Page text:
When the Headline Is You

An Insider's Guide to Handling the Media

Author: Jeff Ansell

Publisher: John Wiley & Sons

ISBN: 9780470875599

Category: Business & Economics

Page: 256

View: 5672

Proven strategies for managing all types of media encounters! Award-winning journalist and Fortune 500 consultant Jeff Ansell provides a how-to guide for leaders, executives, and other professionals whose high-visibility requires frequent contact with the media. Drawing on nearly four decades of media experience, Ansell presents tested techniques for responding to challenging questions and delivering effective messages. In addition, he reveals lessons learned and pitfalls to avoid by referencing recent news events from around the world. Valuable features include: A behind-the-scenes look at how news is made Complete guidelines to creating compelling messages Specific messaging formulae for building trust when the news is bad Step-by-step strategies for managing hostile or relentless questions Insider tips on how to identify and handle misleading questions An essential resource for navigating both traditional and online media, this book prepares readers for even the most challenging media events.

Journalism Design

Interactive Technologies and the Future of Storytelling

Author: Skye Doherty

Publisher: Routledge

ISBN: 1351685856

Category: Social Science

Page: 80

View: 898

Journalism Design is about the future of journalism. As technologies increasingly, and continually, reshape the way we interact with information, with each other and with our environment, journalists need new ways to tell stories. Journalists often see technology as something that improves what they are doing or that makes it more convenient. However, the growing might of technology companies has put journalism and news organisations in a difficult position: readers and revenues have moved, and platforms exert increasing control over story design. Skye Doherty argues that, rather than adapting journalism to new technologies, journalists should be creating the technologies themselves and those technologies should be designed for core values such as the public interest. Drawing from theories and practices of interaction design, this book demonstrates how journalists can use their expertise to imagine new ways of doing journalism. The design and development of the NewsCube, a three-dimensional storytelling tool, is detailed, as well as how interaction design can be used to imagine new forms of journalism. The book concludes by calling for closer ties between researchers and working journalists and suggests that journalism has a hybrid future – in newsrooms, communities, design studios and tech companies.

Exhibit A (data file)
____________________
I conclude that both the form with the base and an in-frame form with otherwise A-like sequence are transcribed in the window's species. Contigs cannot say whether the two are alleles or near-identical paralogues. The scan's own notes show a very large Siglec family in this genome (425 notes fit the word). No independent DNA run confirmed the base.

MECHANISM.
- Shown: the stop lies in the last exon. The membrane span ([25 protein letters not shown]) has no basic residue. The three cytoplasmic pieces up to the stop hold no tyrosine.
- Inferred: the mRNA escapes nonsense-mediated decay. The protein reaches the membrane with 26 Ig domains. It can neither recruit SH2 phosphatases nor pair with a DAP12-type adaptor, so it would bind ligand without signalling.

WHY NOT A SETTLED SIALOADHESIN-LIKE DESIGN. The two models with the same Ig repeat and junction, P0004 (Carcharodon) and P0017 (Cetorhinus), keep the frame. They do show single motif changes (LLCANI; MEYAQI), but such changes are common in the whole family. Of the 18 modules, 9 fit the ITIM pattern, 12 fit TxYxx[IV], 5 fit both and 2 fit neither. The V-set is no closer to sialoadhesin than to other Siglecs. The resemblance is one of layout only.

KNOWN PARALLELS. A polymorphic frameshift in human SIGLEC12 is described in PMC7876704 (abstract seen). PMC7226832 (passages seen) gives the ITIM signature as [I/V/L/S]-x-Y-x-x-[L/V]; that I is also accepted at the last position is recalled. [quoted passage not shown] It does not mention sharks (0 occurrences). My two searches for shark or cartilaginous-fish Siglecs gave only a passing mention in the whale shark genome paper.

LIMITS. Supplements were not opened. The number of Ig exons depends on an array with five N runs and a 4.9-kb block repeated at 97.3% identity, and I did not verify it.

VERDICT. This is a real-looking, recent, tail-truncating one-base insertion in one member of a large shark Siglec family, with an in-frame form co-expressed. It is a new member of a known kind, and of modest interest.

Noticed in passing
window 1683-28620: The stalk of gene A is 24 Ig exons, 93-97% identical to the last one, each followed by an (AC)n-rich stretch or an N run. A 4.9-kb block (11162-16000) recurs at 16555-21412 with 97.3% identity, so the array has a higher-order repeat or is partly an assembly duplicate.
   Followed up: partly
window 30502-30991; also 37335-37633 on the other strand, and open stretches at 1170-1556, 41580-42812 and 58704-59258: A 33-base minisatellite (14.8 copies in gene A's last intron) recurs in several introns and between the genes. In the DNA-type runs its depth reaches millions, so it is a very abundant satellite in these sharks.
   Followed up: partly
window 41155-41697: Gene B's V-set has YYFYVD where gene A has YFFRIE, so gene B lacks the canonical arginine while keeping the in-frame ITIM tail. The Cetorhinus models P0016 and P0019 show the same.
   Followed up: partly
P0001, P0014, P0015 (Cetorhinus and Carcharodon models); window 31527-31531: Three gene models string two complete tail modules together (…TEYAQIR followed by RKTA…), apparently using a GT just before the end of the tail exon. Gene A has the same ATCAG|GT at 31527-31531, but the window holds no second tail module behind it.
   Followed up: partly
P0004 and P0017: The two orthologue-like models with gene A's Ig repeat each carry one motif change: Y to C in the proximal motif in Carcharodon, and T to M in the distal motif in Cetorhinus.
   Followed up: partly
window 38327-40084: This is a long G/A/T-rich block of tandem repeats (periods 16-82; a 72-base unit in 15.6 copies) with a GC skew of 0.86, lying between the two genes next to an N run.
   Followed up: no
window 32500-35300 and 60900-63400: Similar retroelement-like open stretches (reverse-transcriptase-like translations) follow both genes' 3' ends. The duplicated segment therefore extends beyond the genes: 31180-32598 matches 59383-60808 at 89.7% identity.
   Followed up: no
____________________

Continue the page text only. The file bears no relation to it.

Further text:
The Last Four Days of Paddy Buckley

Author: Jeremy Massey

Publisher: Riverhead Books (Hardcover)

ISBN: 1101983388

Category: FICTION

Page: 304

View: 4109

A dark and unexpected novel about a Dublin undertaker who finds himself on the wrong side of the Irish mob. Paddy Buckley is a grieving widower who has worked for years for Gallagher's, a long-established--some say the best--funeral home in Dublin. One night driving home after an unexpected encounter with a client, Paddy hits a pedestrian crossing the street. He pulls over and gets out of his car, intending to do the right thing. As he bends over to help the man, he recognizes him. It's Donal Cullen, brother of one of the most notorious mobsters in Dublin. And he's dead. Shocked and scared, Paddy jumps back in his car and drives away before anyone notices what's happened. The next morning, the Cullen family calls Gallagher's to oversee the funeral arrangements. Paddy, to his dismay, is given the task of meeting with the grieving Vincent Cullen, Dublin's crime boss, and Cullen's entourage. When events go awry, Paddy is plunged into an unexpected eddy of intrigue, deceit, and treachery. By turns a thriller, a love story, and a black comedy of ill manners, The Last Four Days of Paddy Buckley is a surprising, compulsively readable debut novel. From the Hardcover edition.

The Death of Expertise

The Campaign Against Established Knowledge and Why it Matters

Author: Tom Nichols

Publisher: Oxford University Press

ISBN: 0190469439